By Christopher Cudworth
In winter you map out a fitness plan and hope the weather will allow it to happen. If you plan a run and the streets get too slushy, head to the gym. If you plan a road ride and temperatures don’t quite climb to what the weatherperson promises, you grab the mountain bike.
Which is how this winter fitness zealot wound up doing a 15-mile ride on a 14 degree day in which the sun was shining but the ice was not completely melting.
You know the conditions if you live up north. The roads look okay, but shade can make things tricky on the corners and in the valleys. Black ice can take you down faster than a UFC kick to the head.
Fat Tire Trust
On fat tires you can count on a little more stability. If you’re wise, that is. Even mountain bike tires will wax out on ice covered with water. In January, you can count on those types of conditions.
So you stick to the roads that are least covered with visible ice and stay away from the curbs where dirty snow and ice still congregate.
Knobby Tire Pace
The reason you go out on a mountain bike is the quality of training you can get. Rolling down streets on knobby tires is a good workout. You may not impress anyone on Strava with your pace, but who cares. Bundle up, break out the balaclava and sweat it out underneath a couple of technical layers. That’s the ticket to winter fitness.
Potholes and Pasty Streets
There are plenty of reasons not to ride the road bike in winter. Salt flies up from the road into your gears and cables, for one thing. A few winters ago I also wound up pedaling through some kind of cranberry or beet slurry on the road that was the consistency of slick soap. It got through up into the hubs and coated the points where the cables enter the bike frame. That’s not good for a road bike, at all.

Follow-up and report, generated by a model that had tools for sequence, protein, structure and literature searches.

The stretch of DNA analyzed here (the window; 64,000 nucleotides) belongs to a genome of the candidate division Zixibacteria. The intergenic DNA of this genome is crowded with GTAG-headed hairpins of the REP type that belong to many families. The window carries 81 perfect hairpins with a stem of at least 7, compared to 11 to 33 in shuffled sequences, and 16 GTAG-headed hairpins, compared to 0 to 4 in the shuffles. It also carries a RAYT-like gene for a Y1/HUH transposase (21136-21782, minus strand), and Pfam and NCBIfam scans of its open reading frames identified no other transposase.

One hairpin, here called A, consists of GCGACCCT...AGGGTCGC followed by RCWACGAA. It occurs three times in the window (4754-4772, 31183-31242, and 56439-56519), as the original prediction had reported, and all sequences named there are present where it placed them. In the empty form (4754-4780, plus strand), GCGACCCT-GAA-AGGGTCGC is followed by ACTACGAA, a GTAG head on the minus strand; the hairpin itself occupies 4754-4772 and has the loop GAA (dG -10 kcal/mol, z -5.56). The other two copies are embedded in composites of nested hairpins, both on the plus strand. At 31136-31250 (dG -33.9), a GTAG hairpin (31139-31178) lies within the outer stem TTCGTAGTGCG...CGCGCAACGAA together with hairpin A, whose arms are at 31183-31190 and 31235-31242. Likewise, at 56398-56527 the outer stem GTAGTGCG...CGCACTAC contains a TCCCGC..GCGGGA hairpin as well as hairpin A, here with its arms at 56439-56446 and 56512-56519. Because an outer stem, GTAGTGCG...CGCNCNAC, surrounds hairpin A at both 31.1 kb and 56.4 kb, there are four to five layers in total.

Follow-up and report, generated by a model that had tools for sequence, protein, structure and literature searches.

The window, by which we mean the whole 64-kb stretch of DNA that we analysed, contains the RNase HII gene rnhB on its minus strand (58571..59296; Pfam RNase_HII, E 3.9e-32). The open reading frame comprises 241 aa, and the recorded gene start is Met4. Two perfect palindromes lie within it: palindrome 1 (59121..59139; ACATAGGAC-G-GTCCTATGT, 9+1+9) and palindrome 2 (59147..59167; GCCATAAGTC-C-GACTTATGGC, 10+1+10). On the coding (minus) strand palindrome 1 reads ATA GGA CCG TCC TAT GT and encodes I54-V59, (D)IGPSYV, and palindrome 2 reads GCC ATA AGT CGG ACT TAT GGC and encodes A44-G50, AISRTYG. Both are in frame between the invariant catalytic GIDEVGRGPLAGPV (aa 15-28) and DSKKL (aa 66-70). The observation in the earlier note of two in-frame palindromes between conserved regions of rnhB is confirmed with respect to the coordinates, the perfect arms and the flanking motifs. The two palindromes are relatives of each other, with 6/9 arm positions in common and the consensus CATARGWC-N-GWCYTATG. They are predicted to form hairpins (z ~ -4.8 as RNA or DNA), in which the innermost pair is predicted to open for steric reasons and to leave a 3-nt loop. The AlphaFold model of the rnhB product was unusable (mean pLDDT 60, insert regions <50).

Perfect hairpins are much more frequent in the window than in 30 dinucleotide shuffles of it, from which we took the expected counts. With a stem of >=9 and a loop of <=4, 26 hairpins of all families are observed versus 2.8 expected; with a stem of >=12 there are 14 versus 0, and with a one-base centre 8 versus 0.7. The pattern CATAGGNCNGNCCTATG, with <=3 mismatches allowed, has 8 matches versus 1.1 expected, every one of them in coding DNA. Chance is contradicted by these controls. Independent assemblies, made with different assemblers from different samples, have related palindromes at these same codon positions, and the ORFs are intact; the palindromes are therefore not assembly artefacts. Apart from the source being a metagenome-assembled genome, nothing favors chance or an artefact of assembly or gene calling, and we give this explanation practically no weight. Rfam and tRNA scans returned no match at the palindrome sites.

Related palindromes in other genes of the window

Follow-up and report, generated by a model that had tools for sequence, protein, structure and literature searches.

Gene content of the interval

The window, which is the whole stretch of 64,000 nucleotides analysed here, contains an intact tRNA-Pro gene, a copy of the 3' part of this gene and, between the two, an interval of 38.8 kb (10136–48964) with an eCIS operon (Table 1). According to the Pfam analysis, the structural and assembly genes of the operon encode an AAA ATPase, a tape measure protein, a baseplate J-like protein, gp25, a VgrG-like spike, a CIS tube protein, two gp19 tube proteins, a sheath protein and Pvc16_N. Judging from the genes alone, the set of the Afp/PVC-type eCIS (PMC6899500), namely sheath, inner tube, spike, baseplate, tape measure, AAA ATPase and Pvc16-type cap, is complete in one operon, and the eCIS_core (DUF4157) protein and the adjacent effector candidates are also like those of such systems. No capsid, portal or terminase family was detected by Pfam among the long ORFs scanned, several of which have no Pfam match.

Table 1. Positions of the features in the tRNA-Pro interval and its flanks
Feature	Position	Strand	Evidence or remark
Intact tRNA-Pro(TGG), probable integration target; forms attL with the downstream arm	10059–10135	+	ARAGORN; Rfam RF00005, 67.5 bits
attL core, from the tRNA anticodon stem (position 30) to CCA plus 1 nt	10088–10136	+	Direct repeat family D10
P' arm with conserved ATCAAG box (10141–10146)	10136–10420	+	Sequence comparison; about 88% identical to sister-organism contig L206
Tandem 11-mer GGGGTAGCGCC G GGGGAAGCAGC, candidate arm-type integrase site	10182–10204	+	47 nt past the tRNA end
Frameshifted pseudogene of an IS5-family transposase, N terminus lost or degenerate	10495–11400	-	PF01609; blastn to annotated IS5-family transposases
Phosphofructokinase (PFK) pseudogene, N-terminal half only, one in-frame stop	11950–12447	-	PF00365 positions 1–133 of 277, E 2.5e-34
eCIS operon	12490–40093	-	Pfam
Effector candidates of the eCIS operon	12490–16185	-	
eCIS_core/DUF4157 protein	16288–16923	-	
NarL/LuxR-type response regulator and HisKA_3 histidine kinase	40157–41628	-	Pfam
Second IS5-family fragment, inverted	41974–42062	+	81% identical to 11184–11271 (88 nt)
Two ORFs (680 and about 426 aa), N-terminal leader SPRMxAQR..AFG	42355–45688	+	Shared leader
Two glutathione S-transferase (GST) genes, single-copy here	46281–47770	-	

Potholes can also cause pinch flats on a road bike. Even the smallest potholes are a threat, but the bigger ones are a clear danger. Recently I found a 4-foot pothole on the backroad I take to avoid traffic on the main highway. It was about 4 inches deep at the lowest point, and I could not help thinking how bad it would be to be riding along and dip into that thing. Might not be heard from again.
Hills and heart rate
The ride averaged 15 mph which isn’t bad for a mountain bike, especially on the hilly route I chose. But that’s the point. Working hills in January should be a high priority for any cyclist or runner. This time of year you don’t care how fast you go, just that it’s hard, raises your heart rate and strengthens your legs, especially the quads and hamstrings.
So that was the goal, and riding around a crisp winter morning was its own reward. All good in the land of Winter Fitness. Now I just need to do it some more. A lot more.
See you out there.